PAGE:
Today’s Mass readings are all about forgiveness. In the first reading God forgives David for the sins of murder and adultery. Then Paul reminds us that our redemption comes entirely through Christ. The Gospel tells the story of the penitent woman washing the feet of Jesus with her tears and drying them with her hair. The common thread is that God forgives us if we are open to his grace.
But what about those of us who aren’t? There are occasions in all our lives when we do something we know to be wrong and are not the least bit sorry. We do this for a variety of reasons and under a variety of circumstances. Sometimes we think the transgression is insignificant, (jaywalking, anyone?), or maybe we feel justified in our actions (“He/She had it coming!”). Regret is not a defining aspect of sin, but is it a prerequisite for redemption?
Take the case of a famous (infamous?) unrepentant sinner, Barabbas, the murderer set free in place of the innocent Christ. Barabbas has long been considered a symbol of the ultimate miscarriage of justice, the undeserving beneficiary of the actions of evil men and the insanity of mob rule. But perhaps Barabbas was something more. What if he was a historical precedent for redemption? What if his placement in the story of the Passion is as a symbol of the sinful everyman? Venerable Fulton J. Sheen says as much in his classic Life of Christ. “Barabbas was freed because of Christ, political freedom though it was. But it was a symbol that through his death men were to be made free.” That statement knocked me for a loop! Barabbas was the first sinner to be set free as a direct consequence of the crucifixion! And he wasn’t even sorry for what he did! He probably felt totally justified in his crimes since he committed them in the act of rebelling against the Roman occupation of Jerusalem. An example of injustice or proof of God’s mercy and generosity?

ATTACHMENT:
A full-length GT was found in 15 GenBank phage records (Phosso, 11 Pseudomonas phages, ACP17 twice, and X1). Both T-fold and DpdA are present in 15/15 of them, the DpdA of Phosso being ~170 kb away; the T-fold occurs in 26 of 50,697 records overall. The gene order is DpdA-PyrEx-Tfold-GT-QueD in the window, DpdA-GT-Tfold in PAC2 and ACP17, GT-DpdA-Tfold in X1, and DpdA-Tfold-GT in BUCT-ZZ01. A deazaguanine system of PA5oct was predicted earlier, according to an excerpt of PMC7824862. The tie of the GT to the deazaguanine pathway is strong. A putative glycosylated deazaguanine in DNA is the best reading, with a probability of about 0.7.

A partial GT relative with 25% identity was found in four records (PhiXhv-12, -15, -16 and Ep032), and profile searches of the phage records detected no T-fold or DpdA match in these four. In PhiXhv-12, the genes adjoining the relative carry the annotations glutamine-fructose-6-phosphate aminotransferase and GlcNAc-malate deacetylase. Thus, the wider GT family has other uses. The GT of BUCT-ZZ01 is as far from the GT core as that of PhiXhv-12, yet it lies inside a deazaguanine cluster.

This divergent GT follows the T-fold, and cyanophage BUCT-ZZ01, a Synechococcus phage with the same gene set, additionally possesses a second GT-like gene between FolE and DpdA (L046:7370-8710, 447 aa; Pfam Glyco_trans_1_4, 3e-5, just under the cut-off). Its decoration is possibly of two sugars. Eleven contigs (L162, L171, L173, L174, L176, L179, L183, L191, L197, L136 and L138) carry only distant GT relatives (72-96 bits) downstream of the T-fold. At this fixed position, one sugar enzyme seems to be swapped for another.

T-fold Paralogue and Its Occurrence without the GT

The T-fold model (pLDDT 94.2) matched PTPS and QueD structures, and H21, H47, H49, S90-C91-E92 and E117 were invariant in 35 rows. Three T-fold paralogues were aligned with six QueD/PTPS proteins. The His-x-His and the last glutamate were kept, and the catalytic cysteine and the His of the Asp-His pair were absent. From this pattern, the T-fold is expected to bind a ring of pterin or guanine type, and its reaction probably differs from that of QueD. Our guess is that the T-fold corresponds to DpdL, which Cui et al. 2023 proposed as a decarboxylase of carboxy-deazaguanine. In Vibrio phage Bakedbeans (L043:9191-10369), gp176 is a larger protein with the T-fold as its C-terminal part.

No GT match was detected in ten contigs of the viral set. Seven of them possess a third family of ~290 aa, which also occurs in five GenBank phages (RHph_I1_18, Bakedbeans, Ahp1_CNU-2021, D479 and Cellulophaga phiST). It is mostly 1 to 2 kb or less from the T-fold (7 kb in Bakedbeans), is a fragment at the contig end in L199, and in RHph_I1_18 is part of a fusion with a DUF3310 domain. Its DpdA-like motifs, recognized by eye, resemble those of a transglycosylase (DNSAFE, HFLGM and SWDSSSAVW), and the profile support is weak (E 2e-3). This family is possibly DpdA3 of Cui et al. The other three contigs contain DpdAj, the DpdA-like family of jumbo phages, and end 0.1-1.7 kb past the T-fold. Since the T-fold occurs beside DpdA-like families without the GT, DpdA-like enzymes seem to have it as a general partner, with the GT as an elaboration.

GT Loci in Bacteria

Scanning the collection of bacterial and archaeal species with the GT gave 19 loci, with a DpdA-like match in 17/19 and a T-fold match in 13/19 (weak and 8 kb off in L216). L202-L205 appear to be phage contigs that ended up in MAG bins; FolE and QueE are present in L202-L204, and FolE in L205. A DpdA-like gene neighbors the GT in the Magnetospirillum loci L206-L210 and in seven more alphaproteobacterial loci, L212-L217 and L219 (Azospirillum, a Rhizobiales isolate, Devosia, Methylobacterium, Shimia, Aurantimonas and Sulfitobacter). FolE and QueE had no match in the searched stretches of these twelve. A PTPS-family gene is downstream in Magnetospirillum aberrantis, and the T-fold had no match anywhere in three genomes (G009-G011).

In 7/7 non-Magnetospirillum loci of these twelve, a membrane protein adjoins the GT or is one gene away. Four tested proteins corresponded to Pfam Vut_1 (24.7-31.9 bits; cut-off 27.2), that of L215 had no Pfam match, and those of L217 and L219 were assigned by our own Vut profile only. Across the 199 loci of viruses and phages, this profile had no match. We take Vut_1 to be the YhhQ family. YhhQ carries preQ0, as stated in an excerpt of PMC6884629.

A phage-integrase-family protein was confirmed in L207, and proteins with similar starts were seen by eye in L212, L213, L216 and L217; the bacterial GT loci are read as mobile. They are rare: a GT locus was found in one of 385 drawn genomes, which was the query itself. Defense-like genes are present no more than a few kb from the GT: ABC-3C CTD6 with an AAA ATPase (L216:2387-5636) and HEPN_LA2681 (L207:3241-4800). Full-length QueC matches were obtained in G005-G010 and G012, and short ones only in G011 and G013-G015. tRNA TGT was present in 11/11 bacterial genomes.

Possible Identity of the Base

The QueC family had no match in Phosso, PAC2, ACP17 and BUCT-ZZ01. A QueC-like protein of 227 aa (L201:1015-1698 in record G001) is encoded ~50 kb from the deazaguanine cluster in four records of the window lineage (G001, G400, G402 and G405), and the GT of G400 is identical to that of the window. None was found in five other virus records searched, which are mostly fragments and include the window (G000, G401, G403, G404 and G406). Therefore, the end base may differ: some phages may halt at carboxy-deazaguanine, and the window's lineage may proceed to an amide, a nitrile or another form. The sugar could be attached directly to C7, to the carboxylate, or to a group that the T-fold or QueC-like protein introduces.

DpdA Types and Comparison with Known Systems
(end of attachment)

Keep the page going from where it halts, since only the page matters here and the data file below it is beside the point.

When I was growing up I once heard a priest say “God forgives you before you say you’re sorry.” As an adult I heard another priest say that sin is not “doing bad things”, sin is distance from God. Barabbas’ crimes are described in the Gospel but not his relationship with God. We know nothing of his religious life as a Jew. We may assume he was a criminal who happened to be in the right place at the right time. What if he was a pious man who believed he was fighting for the glory of God like the Crusaders of the middle ages? I’m not excusing whatever he did or justifying evil means to achieve noble ends, but I am starting to look more closely at what redemption truly means and for whom it is truly meant. Are we to be saved by our faith? Our actions? Our repentance? All of the above? Only God knows for sure. Sheen’s take on Barrabas’ place in the Gospel has made me think more deeply about the gift of redemption.
Have a blessed week!